WW fares better in a supporting role more-so than not, It's always good to have her in the Justice League when the writer has chops. There are great Justice League stories with WW, but more so in the past. Giffen, DeMatties, Morrison, Waid and Busiek had good stories, in some she was a lead and in others a bit part. Doug Mahnke draws one of the best WWs ever on his JLA run. The current Justice League is off the mark in so many ways I won't even get into it (Meltzer -cough- Loeb -cough- Johns), as much as I'd like to see Ed Benes give the character proper due other than an ass shot. But the sexiness isn't the problem. I personally love all the classic WW bondage covers, which cover everything from fetish to hilarity. Yet inside those older tales my perception wasn't really that WW "always got tied up" but that of WW "will always break free." I won't sit here and deny the sex appeal of the character either, because any woman of regal stature with red boots and a rope is going to get my attention. But like I'm sure most mature readers agree, that doesn't necessarily define her as it does accompany her.
Holy crap, how long am I going to talk about Wonder Woman? Not much longer, but I'm adding a WW label to the blog! If the character has anything going for it is that it is readily open to reinvention. Usually this is art, and occasionally story. I've got some WW tales in my head, sure. Don't know if they are worth any more or any less, but I gotta wonder if I think they're cool, a few other people might. If the collective consciousness has anything to put to it, it's not impossible to see those concepts in one form or another.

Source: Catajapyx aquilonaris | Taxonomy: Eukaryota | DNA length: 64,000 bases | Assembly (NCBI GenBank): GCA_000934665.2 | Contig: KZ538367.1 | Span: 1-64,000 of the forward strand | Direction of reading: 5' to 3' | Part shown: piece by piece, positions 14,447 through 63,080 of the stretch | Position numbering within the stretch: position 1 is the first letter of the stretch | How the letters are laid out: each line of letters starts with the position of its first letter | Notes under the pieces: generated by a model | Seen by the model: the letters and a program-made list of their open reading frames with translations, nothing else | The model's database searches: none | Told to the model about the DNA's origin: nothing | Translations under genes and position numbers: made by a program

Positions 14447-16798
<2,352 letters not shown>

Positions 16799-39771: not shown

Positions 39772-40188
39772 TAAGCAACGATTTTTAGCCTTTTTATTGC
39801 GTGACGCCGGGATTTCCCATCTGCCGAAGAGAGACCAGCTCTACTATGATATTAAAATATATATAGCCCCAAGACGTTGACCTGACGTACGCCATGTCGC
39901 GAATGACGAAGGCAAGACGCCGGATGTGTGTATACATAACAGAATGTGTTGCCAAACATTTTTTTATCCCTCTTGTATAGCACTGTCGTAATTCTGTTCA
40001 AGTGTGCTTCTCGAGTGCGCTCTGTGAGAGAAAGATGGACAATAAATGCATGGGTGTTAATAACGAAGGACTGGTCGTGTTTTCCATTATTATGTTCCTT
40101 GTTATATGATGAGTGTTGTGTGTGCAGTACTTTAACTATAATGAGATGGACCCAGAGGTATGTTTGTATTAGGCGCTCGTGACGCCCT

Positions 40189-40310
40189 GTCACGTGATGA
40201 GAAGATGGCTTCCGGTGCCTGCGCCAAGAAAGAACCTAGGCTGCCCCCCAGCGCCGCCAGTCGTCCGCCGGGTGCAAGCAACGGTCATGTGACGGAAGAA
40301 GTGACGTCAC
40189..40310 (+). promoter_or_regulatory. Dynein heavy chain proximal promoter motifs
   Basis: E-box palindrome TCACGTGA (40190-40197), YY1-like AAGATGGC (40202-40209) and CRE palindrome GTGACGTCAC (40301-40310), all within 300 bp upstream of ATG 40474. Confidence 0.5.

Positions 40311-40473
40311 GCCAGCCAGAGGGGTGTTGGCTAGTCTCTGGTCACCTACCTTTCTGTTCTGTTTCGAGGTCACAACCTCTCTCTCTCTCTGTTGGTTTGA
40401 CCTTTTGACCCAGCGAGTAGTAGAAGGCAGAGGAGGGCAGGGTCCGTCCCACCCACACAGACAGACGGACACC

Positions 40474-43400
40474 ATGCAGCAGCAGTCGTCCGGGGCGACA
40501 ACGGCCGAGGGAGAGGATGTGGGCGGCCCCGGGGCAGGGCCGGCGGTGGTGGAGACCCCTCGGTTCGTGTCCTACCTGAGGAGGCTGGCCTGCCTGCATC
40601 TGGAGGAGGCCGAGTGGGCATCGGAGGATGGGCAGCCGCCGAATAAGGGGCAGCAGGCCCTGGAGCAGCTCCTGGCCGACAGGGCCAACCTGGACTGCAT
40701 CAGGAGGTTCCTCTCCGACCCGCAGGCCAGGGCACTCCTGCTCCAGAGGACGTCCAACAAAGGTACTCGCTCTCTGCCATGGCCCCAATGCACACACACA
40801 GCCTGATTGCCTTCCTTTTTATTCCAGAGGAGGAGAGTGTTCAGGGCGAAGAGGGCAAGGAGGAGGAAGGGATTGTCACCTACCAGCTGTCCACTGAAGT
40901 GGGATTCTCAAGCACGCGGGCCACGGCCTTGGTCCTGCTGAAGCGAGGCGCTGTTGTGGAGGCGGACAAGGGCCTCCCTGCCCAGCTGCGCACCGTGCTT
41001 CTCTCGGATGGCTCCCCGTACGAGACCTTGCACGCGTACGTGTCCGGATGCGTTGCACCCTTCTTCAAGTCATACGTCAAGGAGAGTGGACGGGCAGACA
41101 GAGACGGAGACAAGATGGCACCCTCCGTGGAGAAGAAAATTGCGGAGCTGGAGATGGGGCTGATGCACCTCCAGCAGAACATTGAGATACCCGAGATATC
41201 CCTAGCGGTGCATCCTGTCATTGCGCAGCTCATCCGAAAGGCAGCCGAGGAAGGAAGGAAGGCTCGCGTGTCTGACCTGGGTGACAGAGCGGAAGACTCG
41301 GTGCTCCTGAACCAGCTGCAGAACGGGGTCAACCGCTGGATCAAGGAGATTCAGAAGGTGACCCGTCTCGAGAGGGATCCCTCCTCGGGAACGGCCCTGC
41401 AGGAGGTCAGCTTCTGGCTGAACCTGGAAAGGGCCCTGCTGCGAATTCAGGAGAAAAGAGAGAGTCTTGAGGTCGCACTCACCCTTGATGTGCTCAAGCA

I did notice DC's web site re-jiggered their image catalog. No more hot-linking those covers. I wonder if all my old posts are broken??? :-(
Monday, April 07, 2008
Arguably one of the best lines in movie history. A friend once told me about his experience seeing the actual first run theatrical release of Planet of the Apes back in '68, when all people knew of it was a crazy trailer and its bizarre premise. By the point in the film where Taylor is strung up about to be lynched by the apes, people were kind of freaked out by the striking and fearsome reality of the ape society. But upon delivery of that signature line, the crowd "went fucking nuts." The theater stood up and cheered as if it were a stadium event. In context, to that point in the film's fiction no human had ever spoken to an ape, which makes the line ten times more powerful. To witness that as a moviegoer in the theater for the first time, what an amazing show that must have been.
Heston's portrayal of a stalwart astronaut brought to a future never meant to be was one of his many, many roles that left an indelible mark on cinema-- and myself. Chuck had a very good run.
Charlton Heston Dies at 84
Saturday, April 05, 2008
Friday, April 04, 2008
Wednesday, April 02, 2008
Archibald Saves Easter
Secret Invasion. Really? Am I doing this? I guess I'm feeling a bit comicslutty, cause I can't resist checking in to see if something bat-shit crazy is gonna go down. There's a Skrull reveal by the end of this first issue-- I won't spoil but I will say it's a doctor. When you think about it, there's few more doctors in the Marvel U than you'd think, eh?
I love the art of Yanick Paquette, I am glad to see him back at work even if it's on an X-Men book. Dodson/Peterson covers are nice, sure, but really Paquette can hold his own. Hopefully he'll be getting his own covers soon. Anyone unfamiliar with his work would do well to pick up the trades for ABC's Terra Obscura, because that shit is primo.
No DC books for me this week, the shelves are awash in a dirth of books and events I just don't care about. Enough Countdown and its endless spinoffs! It's like the comics version of Babel-- "Is it over yet?" Final Crisis better come 'round soon, and it better be good.
Labels: New Comics Day